The U.S. Constitution grants the States the right to choose Presidential Electors in Article II Section I with the clause Each State shall appoint, in such Manner as the Legislature thereof may direct, a Number of Electors ...
Over the years, states have employed a number of different methods for choosing Presidential Electors. The methods are grouped into two main categories: Popular Vote and Appointed. Some of these are listed below:
Popular Vote Methods
A slate of Electors is pledged to each Presidential/Vice-Presidential ticket (the Electors' names may or may not appear on the ballot). The slate of Electors pledged to the ticket having received the plurality of votes state-wide are chosen.
- Currently this is the most common method of choosing Presidential Electors.
Individual (Direct) Method
Individual Electors are pledged to each Presidential/Vice-Presidential ticket (only the Electors' names appear on the ballot). The top 'n' electors (where n is equal to the number of Electoral Votes for a given state), having received the most votes state-wide, are chosen.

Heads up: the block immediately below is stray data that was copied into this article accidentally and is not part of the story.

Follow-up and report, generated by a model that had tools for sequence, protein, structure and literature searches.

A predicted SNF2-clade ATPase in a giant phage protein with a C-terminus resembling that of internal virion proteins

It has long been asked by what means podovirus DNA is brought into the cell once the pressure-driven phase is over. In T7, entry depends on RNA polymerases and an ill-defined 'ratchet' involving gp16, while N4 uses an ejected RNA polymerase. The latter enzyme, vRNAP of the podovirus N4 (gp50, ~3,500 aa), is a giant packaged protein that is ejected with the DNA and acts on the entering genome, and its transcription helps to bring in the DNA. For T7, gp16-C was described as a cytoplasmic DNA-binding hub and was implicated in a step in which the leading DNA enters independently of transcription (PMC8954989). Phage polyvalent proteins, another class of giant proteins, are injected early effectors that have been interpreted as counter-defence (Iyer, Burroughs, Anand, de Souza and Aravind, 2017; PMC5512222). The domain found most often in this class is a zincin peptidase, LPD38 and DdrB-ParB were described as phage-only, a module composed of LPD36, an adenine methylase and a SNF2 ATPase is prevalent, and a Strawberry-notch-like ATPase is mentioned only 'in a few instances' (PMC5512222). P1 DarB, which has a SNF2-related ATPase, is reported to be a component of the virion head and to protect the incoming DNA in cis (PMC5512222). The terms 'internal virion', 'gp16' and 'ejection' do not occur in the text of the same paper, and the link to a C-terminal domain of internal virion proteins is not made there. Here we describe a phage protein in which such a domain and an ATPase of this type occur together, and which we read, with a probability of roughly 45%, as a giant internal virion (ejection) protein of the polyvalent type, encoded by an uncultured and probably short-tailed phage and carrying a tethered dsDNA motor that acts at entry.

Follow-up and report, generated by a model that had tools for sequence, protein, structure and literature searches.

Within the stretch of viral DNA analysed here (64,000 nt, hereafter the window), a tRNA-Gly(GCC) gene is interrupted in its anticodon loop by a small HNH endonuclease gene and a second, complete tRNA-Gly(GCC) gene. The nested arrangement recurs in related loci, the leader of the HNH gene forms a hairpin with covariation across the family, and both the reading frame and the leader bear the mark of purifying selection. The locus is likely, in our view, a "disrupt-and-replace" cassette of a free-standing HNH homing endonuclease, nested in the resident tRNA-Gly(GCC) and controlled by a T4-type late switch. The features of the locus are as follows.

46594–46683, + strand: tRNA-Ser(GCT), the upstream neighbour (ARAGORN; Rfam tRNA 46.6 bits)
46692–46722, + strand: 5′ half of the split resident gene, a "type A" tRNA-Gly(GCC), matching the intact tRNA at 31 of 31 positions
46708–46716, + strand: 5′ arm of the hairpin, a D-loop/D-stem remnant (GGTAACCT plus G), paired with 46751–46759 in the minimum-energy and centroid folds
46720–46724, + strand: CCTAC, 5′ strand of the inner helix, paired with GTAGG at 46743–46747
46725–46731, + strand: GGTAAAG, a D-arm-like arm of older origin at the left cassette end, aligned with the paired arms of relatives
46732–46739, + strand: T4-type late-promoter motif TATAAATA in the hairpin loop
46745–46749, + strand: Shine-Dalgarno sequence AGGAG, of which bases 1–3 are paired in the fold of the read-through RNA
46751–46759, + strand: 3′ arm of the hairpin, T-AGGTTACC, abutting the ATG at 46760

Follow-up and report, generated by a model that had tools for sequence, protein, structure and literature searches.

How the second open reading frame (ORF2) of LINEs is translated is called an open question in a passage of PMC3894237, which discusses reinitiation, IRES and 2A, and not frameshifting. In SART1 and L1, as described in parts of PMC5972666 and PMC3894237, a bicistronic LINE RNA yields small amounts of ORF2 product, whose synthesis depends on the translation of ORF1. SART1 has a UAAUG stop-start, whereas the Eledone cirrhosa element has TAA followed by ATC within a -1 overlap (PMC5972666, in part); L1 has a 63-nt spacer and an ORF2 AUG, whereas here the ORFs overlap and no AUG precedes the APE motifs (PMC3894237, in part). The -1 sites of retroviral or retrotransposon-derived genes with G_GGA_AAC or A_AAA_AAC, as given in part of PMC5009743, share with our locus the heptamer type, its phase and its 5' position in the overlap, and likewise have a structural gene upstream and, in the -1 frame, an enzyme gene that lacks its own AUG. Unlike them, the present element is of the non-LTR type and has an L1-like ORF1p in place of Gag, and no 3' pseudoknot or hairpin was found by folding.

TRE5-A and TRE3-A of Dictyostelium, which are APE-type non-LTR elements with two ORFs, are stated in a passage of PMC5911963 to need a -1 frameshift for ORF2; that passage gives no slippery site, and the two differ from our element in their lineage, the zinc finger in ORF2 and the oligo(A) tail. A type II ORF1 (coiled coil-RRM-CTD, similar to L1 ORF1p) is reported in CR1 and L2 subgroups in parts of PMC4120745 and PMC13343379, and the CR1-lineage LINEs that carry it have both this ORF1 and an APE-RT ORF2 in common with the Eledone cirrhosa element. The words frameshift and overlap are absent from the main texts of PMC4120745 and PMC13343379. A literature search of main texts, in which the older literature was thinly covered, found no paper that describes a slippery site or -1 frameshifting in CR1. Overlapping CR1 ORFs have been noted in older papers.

- This method was the most common in the nineteenth and early twentieth century
- Vermont maintained this method through 1980.
- This method has resulted in split electors in many instances where the state-wide election was close
Two Electors At Large and one Electors for each Congressional District are pledged to each Presidential/Vice-Presidential ticket (the Electors' names may or may not appear on the ballot). The At-Large Electors pledged to the ticket having received the plurality of votes state-wide are chosen. The Elector pledged to the ticket having received the plurality of votes within each Congressional District is chosen.
- This method was used by Michigan in the 1892 Election, splitting electors Rep 9 to Dem 5
- Maine adopted this method in 1969 (first used in 1972), but has yet to split any electors
- Nebraska adopted this method in 1991 (first used in 1992). Electors have split once since - in 2008 with two Congressional Districts voting for John McCain and one voting for Barack Obama. The two at-large electors also wen to John McCain resulting in a 4-1 Electoral Vote split.